A cosmic scavenger hunt is on, as NASA's Kepler Mission scours the sky for Earth-like planets.
Since it began taking data nearly two years ago, the space-based instrument has already been successful beyond expectations. With last week's announcement of six confirmed planets and several hundred candidate planets, it has identified a total of 15 confirmed and 1235 candidate planets. Among those, 68 are Earth-sized and 54 are located in their star's habitable zone (close enough to the star's heat to keep water from freezing, but far enough that water will not evaporate into steam - necessary characteristics for a planet to support life like ours). The two categories do overlap, in the case of five Earth-sized candidate planets in habitable zones.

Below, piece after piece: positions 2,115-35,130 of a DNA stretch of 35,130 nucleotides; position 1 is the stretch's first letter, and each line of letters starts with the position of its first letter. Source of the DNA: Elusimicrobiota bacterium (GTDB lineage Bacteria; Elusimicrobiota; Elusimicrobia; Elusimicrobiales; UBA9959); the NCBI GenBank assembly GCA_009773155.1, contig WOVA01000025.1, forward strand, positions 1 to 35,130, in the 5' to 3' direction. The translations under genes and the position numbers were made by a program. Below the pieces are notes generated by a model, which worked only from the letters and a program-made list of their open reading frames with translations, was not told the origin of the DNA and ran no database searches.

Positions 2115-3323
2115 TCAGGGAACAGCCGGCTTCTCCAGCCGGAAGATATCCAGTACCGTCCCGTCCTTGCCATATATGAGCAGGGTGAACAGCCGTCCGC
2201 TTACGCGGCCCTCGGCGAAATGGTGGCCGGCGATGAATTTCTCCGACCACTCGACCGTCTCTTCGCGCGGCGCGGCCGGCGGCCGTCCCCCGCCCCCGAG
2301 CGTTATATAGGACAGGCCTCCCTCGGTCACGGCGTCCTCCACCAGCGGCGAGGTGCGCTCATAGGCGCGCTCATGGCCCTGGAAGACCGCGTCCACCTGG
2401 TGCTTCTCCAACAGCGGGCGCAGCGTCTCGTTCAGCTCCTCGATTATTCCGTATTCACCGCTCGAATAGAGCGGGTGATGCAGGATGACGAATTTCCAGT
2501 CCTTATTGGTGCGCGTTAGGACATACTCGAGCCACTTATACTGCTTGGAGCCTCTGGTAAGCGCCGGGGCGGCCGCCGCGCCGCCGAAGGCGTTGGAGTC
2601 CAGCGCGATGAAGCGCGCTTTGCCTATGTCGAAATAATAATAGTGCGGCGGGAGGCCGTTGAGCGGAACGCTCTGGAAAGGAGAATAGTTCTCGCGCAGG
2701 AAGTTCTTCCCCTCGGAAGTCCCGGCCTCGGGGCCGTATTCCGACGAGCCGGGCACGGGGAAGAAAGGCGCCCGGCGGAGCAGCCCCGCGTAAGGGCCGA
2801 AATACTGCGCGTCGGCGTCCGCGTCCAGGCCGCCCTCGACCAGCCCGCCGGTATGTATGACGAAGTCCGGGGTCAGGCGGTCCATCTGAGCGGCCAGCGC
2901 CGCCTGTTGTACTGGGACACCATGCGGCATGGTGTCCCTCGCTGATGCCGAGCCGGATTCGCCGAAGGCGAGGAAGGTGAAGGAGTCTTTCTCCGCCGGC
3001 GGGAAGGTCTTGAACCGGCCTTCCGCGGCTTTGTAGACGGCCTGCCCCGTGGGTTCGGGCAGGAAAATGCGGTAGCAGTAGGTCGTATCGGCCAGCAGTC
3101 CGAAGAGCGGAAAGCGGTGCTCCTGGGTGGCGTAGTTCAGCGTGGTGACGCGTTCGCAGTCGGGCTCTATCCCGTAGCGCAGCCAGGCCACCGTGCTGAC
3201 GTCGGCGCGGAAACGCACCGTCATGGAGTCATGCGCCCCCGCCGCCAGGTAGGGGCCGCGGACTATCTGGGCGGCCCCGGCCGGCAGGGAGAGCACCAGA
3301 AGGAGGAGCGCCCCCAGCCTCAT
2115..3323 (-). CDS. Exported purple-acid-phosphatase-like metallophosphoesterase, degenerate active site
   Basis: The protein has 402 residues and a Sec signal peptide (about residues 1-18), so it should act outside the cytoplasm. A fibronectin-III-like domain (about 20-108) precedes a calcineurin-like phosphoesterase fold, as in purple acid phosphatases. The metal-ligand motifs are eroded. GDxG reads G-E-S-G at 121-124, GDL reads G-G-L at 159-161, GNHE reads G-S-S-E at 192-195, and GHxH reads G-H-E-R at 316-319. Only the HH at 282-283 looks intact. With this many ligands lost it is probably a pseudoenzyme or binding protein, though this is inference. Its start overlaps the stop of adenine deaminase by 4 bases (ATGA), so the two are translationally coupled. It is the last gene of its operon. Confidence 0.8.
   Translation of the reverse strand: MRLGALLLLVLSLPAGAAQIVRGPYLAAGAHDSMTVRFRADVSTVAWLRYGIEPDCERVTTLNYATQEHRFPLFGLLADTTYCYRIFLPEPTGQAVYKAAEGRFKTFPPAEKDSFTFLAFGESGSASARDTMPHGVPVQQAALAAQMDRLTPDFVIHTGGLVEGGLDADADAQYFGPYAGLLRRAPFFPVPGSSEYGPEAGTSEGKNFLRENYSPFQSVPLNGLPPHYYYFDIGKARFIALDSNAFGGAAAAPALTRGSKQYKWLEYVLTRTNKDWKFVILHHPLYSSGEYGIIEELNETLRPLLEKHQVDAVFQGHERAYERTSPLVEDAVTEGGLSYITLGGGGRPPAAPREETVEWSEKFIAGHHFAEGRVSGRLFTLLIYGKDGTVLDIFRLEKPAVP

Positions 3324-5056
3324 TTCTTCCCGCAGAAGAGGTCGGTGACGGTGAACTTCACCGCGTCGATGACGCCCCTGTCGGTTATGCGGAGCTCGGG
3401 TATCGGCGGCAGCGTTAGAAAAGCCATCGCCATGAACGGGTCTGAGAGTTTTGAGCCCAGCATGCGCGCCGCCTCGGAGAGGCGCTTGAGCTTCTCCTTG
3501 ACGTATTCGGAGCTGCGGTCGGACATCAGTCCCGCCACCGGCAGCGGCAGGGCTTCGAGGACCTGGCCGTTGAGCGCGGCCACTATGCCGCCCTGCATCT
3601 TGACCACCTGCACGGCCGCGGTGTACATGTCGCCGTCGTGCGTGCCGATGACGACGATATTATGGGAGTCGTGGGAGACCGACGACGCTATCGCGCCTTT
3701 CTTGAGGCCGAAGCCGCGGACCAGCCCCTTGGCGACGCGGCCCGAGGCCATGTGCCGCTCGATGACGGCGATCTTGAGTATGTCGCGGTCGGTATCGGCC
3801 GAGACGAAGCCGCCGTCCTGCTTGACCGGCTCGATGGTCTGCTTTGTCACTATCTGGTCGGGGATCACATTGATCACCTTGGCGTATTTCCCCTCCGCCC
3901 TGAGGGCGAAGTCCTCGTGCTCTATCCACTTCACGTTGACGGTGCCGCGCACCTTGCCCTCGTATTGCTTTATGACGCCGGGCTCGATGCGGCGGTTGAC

All those candidates means a lot of data to analyze and store. So it shouldn't come as a surprise to hear that the Kepler Mission is supported by varied and innovative cyberinfrastructure.
It came from space!
Nearly 30 million kilometers away, in the cold vacuum of space, Kepler orbits the Sun as it gathers data from a patch of sky located in the constellations of Cygnus and Lyra. This particular region, which covers 1/400 of the entire sky, was chosen for several reasons.